Here in California, we have two seasons: a season of water and a season of fire. The fire season generally begins when the rains cease, which is typically in mid-April—say, Tax Day. The fire season continues beyond the end of summer into the warm California autumn, until the rains return—around about Halloween.
I remember, as a matter of fact, the rains returning last Halloween, while trick-or-treating with the kids. I remember how warm that first rain was. It even seemed refreshing.
The old Gaelic year ended on Halloween, so I hear. In California, the return of the rains is obviously a big deal, but I’m not sure it ought to mark our new year (as though it represented a rebirth).
I say I’m not sure, but it probably should. It’s ironic because the leaves haven’t even fallen from the trees yet by Halloween, but one can watch the world being slowly reborn through the mild winter months. February and March bring progressively more glory, but it all begins with the first rain in autumn.
My doubt has to do with the role of the sun in all this. To base the rebirth solely upon the return of the rains seems to disrespect the importance of sunlight in bringing about life, but I suppose it’s obvious enough that this is all made possible by the fact that the sun is somewhat ever-present around here.
Reverse your thinking.
Or just rewind it a bit. Or maybe that’s fast-forward? It’s just too easy to get lost when you’re going in circles.
The Celtic New Year is considered Samhain (sometimes translated as November). Also, their day began at sunset, rather than sunrise. It is my understanding that the Celts viewed life as resulting from death, so the New Year did not symbolize rebirth as much as it did dormancy – or anticipation.
(I don’t know the reasoning of this, but I would suppose this life-from-death philosophy could have roots in justifying killing animals to eat – through their death, those who eat have life. Or it could be the thought that life doesn’t begin at birth but in the darkness of the womb or in the darkness of the earth?)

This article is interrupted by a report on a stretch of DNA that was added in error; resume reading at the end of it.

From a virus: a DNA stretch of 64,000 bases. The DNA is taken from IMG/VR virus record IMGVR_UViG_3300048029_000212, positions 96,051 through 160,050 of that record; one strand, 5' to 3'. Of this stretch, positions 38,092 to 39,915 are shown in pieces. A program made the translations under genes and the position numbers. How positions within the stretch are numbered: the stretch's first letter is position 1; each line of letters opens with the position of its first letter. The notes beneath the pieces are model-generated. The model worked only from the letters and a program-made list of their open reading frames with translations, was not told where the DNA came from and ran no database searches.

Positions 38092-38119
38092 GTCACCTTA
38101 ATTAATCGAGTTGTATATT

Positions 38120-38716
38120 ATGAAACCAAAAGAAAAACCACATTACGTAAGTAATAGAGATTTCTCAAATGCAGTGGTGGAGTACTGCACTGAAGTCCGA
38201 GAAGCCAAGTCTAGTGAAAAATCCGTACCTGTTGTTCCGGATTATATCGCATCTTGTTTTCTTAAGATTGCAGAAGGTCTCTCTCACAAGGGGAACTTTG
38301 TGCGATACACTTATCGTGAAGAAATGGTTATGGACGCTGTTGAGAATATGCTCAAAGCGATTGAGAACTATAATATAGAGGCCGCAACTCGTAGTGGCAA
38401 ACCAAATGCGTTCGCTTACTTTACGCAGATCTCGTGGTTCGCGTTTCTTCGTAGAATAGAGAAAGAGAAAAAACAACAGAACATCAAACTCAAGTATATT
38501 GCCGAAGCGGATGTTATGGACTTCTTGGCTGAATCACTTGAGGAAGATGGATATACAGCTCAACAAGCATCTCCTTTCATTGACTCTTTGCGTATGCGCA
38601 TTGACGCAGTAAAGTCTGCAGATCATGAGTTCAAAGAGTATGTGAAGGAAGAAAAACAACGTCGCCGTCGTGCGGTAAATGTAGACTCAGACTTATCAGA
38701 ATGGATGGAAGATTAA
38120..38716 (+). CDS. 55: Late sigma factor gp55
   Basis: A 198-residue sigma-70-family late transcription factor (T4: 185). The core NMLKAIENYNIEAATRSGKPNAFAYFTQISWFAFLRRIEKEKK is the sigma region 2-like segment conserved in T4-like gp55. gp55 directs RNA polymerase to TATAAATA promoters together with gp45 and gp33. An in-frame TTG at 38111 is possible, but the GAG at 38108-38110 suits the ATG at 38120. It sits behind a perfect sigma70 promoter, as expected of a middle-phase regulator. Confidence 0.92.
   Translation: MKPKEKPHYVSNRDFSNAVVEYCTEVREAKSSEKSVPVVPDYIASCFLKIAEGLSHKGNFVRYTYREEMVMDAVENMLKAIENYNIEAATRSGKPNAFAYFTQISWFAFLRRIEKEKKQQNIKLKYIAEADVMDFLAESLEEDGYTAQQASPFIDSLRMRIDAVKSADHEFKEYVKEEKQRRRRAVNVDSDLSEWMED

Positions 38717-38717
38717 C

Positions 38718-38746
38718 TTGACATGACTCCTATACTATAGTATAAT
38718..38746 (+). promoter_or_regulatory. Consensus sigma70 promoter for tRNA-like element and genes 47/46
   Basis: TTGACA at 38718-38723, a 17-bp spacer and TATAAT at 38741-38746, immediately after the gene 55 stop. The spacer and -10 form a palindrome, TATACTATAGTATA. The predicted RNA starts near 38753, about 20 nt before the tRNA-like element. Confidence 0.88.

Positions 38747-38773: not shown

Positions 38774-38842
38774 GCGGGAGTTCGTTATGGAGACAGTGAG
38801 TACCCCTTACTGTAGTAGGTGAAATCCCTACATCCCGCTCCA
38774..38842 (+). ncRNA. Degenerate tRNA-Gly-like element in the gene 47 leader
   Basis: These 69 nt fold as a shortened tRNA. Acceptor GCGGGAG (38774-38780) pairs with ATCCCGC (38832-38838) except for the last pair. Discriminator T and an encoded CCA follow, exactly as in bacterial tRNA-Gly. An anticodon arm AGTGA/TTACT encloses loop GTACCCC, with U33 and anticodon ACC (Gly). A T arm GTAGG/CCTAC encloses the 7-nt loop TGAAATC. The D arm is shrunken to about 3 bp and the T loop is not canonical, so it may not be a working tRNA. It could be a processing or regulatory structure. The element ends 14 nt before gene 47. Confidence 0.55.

It occurs to me that this viewpoint gives one something always to look forward to – otherwise, if everything starts out all rosy, one is only looking forward to, or focusing on, well, not rosy. It would be nice to look forward to a life of promises fulfilled, of a bounty of births and harvests from small, quiet seeds that rested in the dark.
Anyway, the name of the first Celtic month translates to “seed fall” so the fact that the leaves haven’t yet fallen at the start of the rainy season, the New Year, would seem appropriate to an ancient Celt.
But back to water and fire… or is that fire and water? Having the rains symbolize a new beginning does not make rebirth solely the result of the rains. Rebirth requires both the rains and the sun.
In the end, there is no beginning or end.
Hi Donna. Thanks for your input. “Seed fall” says a lot, in a way that dodges the whole fire and water issue. It leads one to wonder why Autumn isn’t considered a beginning in more places.